We are doing this breakdown of how to play golf in a very simple way. Yes, people will chime in about what we missed and explained incorrectly but hey, it wouldn’t be a real post without it.

We will do a checklist of the basics: Posture, grip, and an ABC of the motion for a full swing, chip, and a putt.

How to play golf


Stand straight up, put your arms on your legs, and tilt forward until your fingertips touch just above your knee caps. Let your arms hang straight down from your shoulders. This will feel similar to the posture when shooting a free throw in basketball.


How would you pick up a suitcase with your left hand? Now replace the suitcase with a golf club. That’s how your left hand goes on the club. To figure out where to put the right hand get in you golf posture and clap your hands together. Now without moving your left shoulder and letting your right arm bend move your hands so they’re just to the right of your right pant pocket. The left arm should be parallel to the ground. Now look at the position of your hand. The palm will either face the ground, the horizon, or the sky. Where the palm points here is where the palm should face when holding a golf club.


All a golf swing is is throwing the club around your body without letting go of it. If you hear it swoosh, it’s a swing. Once you learn to swoosh the club the next step is learning to hit the middle. To train this spray foot powder on the your clubface and observe where impact is after your attempt to hit the ball. If the ball mark shows up on the toe of the club try and hit the opposite part of the clubface (the heel) on the next shot—repeat the same process for the opposite miss (mark shows up on heel of club). Over time, you’ll need less exaggeration to hit the middle of the clubface. With enough training, this skill will become learned and will require no conscious thought.


Stand with your feet close together, the ball off your trail foot, and the handle off the left leg. Lift the heel of the club slightly off the ground so the handle of the club is more vertical. Now make a longer, faster feeling putting stroke. The ball should pop in the air land on the green and roll. The less lofted the club the lower the ball will go and the more it will run. The more lofted the club the higher the ball will launch and less it will roll.


The most important part of putting is hitting the middle of the clubface. The faster you swing the putter the further the ball rolls. The slower you swing the putter the shorter the ball rolls.

how to play golf putting

How to play golf: Putting. Hitting the center of the putter face is the most most important thing.

The ball starts where the putter face is pointing whether it be straight right or left. To get a feel for speed imagine the effort it would take to roll a ball to the hole. Use that feel to create a putting stroke. Putting greens are not flat the ball will curve left or right. To help figure out which way a green rolls stand halfway between the ball and hole. Ask yourself which foot has more pressure on it. If you feel more pressure on your left foot the putt will break left and more pressure on the right foot means the putt will break right. If the putt breaks right the putter face should point left of the hole at impact. If the putt breaks left the putter face should point somewhere right of the hole at impact.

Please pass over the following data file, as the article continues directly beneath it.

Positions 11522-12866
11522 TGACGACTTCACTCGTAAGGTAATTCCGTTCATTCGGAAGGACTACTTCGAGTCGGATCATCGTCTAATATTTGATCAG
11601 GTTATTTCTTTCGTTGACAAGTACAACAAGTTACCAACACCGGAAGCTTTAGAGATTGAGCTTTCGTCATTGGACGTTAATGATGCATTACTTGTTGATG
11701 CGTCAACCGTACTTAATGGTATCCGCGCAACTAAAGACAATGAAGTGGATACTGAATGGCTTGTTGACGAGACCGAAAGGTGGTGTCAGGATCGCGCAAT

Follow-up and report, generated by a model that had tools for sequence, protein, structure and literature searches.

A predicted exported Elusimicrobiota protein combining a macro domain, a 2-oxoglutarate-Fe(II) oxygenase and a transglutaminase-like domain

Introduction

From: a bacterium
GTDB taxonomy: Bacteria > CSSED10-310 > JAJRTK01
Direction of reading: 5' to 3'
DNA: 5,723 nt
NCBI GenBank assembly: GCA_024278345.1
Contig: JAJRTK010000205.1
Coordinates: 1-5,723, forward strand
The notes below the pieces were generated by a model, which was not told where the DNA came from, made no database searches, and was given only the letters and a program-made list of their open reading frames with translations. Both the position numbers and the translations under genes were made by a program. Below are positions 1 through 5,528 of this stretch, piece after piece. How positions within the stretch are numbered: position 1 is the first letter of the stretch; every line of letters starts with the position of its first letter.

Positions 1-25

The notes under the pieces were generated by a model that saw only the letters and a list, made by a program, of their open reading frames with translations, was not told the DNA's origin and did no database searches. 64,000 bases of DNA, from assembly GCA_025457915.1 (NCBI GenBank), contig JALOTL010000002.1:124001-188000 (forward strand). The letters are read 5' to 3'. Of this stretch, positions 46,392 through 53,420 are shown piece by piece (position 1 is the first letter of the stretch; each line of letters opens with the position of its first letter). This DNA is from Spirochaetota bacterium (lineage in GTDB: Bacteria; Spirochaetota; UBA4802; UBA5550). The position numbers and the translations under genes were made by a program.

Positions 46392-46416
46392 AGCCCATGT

We’ll be back with more of this entry-level discussion of how to play golf. Let us know in the comments if there are any areas you’d like Jake to dive into!

Your Reaction?
  • 9
  • LEGIT0
  • WOW0
  • LOL0
  • IDHT0
  • FLOP0
  • OB0
  • SHANK3

Continue Reading


Clement: The best video for beginner golfers ever



One of the deep expertise we have is knowing what side you need to be swinging from to enjoy your best golf. Sometimes it’s both sides like me! So many professionals on tour are including left-handed swings (for the right-handed player) in their warm-up routines and practice routines as a great way to create muscle confusion. Our fabulous kinesiologist, Munashe Masawi, confirms this through his studies and personal training for his grueling sport of football.

But there is always one side that fires better, feels smoother, and has the potential for a lot more than the other for many golfers. Which one are you?

Your Reaction?
  • 3
  • LEGIT0
  • WOW0
  • LOL2
  • IDHT0
  • FLOP3
  • OB3
  • SHANK4

Continue Reading


Clement: Important video on grip! (dare we say “historic!”)



We so much love being historically correct! Back when I started teaching 35 years ago, when I looked at what the top 5 coaches were teaching, I knew I had to forge my own way. Not only did it not make sense anatomically, it did not make any sense neurologically either! Fast forward to today and we talk about ground forces and how to let the hips turn in the backswing and grip? WHOA, DID THEY MISS THE BOAT THERE!!


This will end all debates about the “weak grip vs strong grip” argument!

Your Reaction?
  • 9
  • LEGIT0
  • WOW1
  • LOL0
  • IDHT0
  • FLOP7
  • OB7
  • SHANK10

Continue Reading